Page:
Fred Friedberg, PhD, Receives $600,000 NIH Grant to Study Home-Based Self-Management for Chronic Fatigue

Fred Friedberg, PhDFred Friedberg, PhD, received a two-year grant of $600,000 from the National Institute of Nursing Research to study the efficacy of a home-based self-management programs for the treatment of chronic fatigue syndrome (CFS). If the program proves successful and cost effective, it will be marketed to health insurers and others for commercial development. The program is an outgrowth of an on-going research and treatment program conducted by Dr. Friedberg at the Stony Brook Department of Medicine’s Primary Care practice.

People with chronic fatigue syndrome experience severe and debilitating tiredness which is not relieved by sleep and not directly caused by other medical conditions. Its causes are not known, but it is thought to have both biological and behavioral origins. People with CFS experience an abnormal type of fatigue that impairs their ability to work or carry out routine activities. Extreme cases can result in people becoming home-bound or bed-bound. Medications may help with symptoms, but for many patients a program of effective self-management is essential for improvement.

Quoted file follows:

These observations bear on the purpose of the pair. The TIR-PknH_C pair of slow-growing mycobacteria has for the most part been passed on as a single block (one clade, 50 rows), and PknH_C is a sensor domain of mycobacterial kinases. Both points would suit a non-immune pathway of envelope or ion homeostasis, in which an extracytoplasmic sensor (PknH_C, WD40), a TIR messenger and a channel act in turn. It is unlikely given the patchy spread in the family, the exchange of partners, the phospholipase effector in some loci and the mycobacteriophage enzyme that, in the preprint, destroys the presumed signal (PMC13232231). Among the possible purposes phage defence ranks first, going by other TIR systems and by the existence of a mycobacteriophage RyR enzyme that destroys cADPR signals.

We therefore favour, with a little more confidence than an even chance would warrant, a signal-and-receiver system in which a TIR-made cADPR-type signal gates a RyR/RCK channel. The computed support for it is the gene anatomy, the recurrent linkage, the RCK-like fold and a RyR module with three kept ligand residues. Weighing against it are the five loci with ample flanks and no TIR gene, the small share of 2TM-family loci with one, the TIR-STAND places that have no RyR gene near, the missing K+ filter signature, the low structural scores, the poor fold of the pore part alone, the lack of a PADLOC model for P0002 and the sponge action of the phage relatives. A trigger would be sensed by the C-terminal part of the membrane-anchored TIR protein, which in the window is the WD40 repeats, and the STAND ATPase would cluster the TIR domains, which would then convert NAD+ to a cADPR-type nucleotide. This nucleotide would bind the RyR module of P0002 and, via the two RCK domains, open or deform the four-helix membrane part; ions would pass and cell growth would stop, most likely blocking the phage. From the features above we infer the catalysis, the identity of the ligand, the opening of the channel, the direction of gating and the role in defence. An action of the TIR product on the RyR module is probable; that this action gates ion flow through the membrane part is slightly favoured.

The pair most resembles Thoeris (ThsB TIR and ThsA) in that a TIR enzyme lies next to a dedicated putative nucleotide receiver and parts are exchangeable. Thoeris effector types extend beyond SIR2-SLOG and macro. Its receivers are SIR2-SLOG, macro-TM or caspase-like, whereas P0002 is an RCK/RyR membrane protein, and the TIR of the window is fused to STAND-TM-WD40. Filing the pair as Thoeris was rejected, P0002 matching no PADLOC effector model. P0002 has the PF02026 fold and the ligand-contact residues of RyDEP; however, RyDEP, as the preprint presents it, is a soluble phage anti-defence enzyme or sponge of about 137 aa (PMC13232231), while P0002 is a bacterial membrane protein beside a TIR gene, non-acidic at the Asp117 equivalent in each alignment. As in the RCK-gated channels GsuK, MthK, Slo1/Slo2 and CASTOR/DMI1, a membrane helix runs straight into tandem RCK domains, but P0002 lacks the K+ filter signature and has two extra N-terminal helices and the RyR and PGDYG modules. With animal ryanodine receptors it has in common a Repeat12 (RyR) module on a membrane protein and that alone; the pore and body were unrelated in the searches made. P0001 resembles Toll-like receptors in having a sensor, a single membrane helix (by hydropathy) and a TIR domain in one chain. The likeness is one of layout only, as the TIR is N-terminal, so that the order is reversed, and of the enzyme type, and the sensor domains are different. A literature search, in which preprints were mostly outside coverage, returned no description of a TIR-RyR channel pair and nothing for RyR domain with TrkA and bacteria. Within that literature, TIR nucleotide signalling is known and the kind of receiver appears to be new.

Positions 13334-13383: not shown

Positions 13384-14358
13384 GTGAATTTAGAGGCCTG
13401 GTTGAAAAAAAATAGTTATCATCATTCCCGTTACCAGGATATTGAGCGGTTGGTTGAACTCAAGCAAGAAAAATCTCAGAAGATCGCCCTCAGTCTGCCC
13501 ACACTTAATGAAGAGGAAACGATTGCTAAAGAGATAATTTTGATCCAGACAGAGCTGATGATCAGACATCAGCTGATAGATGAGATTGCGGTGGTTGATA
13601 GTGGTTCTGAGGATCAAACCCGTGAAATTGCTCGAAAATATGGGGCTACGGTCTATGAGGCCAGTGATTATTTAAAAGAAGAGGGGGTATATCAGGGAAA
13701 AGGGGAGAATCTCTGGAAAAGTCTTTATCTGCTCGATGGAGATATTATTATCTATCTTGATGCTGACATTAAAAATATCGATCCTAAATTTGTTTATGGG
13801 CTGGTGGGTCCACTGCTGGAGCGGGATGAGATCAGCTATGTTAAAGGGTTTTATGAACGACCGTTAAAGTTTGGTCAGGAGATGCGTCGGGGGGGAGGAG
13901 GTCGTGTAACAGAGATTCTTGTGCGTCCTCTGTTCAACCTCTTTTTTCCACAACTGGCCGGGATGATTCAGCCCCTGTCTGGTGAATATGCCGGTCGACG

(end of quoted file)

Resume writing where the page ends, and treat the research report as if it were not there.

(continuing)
Dr. Friedberg’s research will test the relative effectiveness of a two active self-treatment models, both of which are carried out by patients from their homes. A “high-tech” model includes a self-management product that uses web diaries and actigraphs, which are small electronic sensors worn on the wrist to measure body activity. A “low-tech” model will employ paper forms and step counters (pedometers). Dr. Friedberg hopes to show that the use of these programs will lessen fatigue, improve functioning, and save health care costs.

Dr. Friedberg is a Research Associate Professor in the Department of Psychiatry and Behavioral Science at Stony Brook University.